Distancing #4: When change is not a choice

Notes from journal entries penned at the end of March, edited and shared as part of a new series called Distancing. Read them all via this link.

How has life changed for you in the last month? I barely recognise mine.

Rewind and it’s the end of February, moving into March. I’m tallying up almost a dozen train journeys a week around Scotland’s central belt, having meetings and making connections over coffee with potential brand advocates. Otherwise, I’m in the office scheduling content, planning partnerships and writing copy.

At the weekend, we head along to one of the beaches in Fife’s East Neuk, following the seaweed-strewn strand line on a windy afternoon, laughing and holding hands. Later, we drive further east and enjoy a fish tea at the famous Anstruther Fish Bar. The next day, I plan going to a food festival with my mum, tidying the spare room for her arrival the following weekend. In the end, she didn’t come.

Memories seem grainy — the idea of going into a restaurant, of working in an office, seeing strangers…

That seems like a lifetime ago now — the thought of going into a restaurant takes on the air of a vintage film, the memory grainy. The idea of sitting next to strangers makes my heart beat faster. That job I mentioned? It’s evaporated, international marketing rendered irrelevant in a world that’s lost under lockdown. And driving an hour east to a beach wouldn’t exactly be labelled essential travel now, would it?

Life has changed. We have changed, because we don’t have a choice.

I’m not sure what your daily routine looks like now, if you are lucky enough to have one that’s consistent in these chaotic times, but this is ours. Instead of the two-hour daily commute we both had, we work from home. Up and working by 10, lunch sometime after noon, then another 6 hours of work. If we’re not too busy or tired after that (and if it’s not pissing with rain) we’ll switch off our laptops, lace up our hiking boots and go up the hill behind our home.

I’m still not bored of that walk yet. Every evening there’s something new to notice — tonight the clouds were thick like a tired grey-blue duvet. In the pond, the grasses shook with an army of frogs moving stealthily through the mud. At twilight, when we descended through the limes and pines, the birdsong built to a crescendo. Despite the repetitious route, any boredom is undone by the fortune we feel at having nature, fresh air and a dose of perspective right on our doorstep.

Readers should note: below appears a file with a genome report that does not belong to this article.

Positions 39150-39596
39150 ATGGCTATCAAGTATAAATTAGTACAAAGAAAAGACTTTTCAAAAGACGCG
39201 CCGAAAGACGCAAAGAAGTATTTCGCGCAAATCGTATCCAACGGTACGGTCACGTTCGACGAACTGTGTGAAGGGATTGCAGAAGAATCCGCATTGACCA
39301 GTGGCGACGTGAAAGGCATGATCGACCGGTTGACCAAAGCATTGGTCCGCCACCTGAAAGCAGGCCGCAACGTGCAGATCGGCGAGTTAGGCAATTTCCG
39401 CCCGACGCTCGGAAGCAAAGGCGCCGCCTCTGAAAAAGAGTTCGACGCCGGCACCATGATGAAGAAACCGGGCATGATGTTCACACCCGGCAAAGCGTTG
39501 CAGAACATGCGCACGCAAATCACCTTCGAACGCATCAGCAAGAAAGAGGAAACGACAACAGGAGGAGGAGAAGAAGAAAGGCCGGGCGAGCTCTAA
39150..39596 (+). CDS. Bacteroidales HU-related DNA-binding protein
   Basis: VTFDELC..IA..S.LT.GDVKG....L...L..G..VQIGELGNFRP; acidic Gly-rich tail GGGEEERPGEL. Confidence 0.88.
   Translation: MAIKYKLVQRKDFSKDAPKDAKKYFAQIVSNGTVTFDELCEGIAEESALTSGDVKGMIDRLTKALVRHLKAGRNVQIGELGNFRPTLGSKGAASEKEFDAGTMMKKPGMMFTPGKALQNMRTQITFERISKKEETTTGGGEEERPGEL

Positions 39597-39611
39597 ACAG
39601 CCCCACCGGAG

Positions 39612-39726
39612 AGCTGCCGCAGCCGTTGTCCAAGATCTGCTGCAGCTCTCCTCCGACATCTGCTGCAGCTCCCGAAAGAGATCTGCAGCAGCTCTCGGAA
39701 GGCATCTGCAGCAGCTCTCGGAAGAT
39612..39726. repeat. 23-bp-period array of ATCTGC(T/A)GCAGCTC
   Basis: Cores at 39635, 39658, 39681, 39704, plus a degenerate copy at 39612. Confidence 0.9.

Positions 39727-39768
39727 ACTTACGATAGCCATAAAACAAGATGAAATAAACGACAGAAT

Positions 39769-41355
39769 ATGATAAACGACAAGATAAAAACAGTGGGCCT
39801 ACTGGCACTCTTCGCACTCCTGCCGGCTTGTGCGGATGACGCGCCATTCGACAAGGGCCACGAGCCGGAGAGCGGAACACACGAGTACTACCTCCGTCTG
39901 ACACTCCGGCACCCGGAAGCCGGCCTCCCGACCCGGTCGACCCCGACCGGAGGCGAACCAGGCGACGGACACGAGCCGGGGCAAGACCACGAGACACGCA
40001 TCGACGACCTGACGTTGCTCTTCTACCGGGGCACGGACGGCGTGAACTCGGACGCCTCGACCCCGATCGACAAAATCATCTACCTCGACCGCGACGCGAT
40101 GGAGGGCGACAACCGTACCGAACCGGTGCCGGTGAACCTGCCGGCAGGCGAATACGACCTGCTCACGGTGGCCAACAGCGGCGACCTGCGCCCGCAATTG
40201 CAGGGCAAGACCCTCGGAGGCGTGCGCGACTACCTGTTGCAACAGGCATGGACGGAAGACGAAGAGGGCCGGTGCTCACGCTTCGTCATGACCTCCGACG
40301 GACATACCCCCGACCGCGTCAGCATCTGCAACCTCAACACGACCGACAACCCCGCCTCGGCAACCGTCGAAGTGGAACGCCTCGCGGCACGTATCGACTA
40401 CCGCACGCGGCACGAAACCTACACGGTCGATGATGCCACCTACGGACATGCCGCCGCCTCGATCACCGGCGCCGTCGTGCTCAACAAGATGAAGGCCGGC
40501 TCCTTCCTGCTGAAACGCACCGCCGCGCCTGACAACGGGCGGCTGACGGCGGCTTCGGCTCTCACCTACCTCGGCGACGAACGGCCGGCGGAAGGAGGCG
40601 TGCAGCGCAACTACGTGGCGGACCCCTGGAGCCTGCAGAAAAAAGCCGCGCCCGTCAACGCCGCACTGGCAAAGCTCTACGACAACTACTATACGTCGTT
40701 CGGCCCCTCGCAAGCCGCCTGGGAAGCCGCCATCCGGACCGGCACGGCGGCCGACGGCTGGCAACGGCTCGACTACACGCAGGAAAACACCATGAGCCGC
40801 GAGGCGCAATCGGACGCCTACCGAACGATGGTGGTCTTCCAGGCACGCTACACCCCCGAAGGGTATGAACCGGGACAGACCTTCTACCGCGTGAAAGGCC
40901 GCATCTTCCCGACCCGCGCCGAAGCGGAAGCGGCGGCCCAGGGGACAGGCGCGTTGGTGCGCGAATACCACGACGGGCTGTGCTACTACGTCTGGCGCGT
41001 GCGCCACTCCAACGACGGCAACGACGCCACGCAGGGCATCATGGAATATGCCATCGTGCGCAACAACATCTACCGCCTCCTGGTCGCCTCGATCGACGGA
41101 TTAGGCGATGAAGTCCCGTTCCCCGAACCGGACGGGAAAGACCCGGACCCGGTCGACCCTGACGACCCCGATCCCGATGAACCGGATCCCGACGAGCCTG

A routine walk is only boring if you aren’t paying attention.

Regardless, the thought that this is life now is a struggle to accept (despite our relative privilege). We won’t be able to eat lunch in our local café, go on a long weekend walking in rural Scotland, or plan a trip abroad for months, if not years. Could a family Christmas be cancelled? Quite possibly.

All these simple things we took for granted now seem significant as they slide further from our fingertips in this distorted reality. Even for introverted, isolated people (I count myself amongst this group, thanks to both my personality and where we live!) daily life looks and feels different. There’s definitely a mental hurdle to overcome in knowing you’re alone, rather than simply choosing to be.

I wonder — when this solitary existence moves into months, if not years, how will we feel? How can we ever go back to normal after this, without at least trying to reformat some of our most destructive habits? Without holding our families tighter? Without being grateful for the smallest of things?

We must remember that being ‘stuck at home’ is actually a privilege.

We change because we have to. And in that change there is pain, anxiety, loneliness — but there is also love, community, positivity. Through this storm, it’s the light we must try to hold on to.

We must also remember that those of us who are ‘stuck at home’ are actually lucky. We are privileged to be safe within our own four walls, whilst health workers and delivery drivers stick the proverbial finger up at those who called them unskilled just a few short months ago, and single-handedly keep the economy going.

On that note, I have some news to share. You may remember I mentioned that I’d lost my job a few weeks ago. I wasn’t surprised when it happened and tried to stay positive, knowing that I wasn’t the only one in a similar position.

A few days ago, though, I was offered a temporary contract to support another public sector social media team. Between sending in my CV, former managers advocating for me, and probably a good slice of luck I have work again — and in the midst of a growing global pandemic, I feel incredibly grateful for that.

I hope there’s even one positive thing that you can hold on to just now. Until next time, take care.

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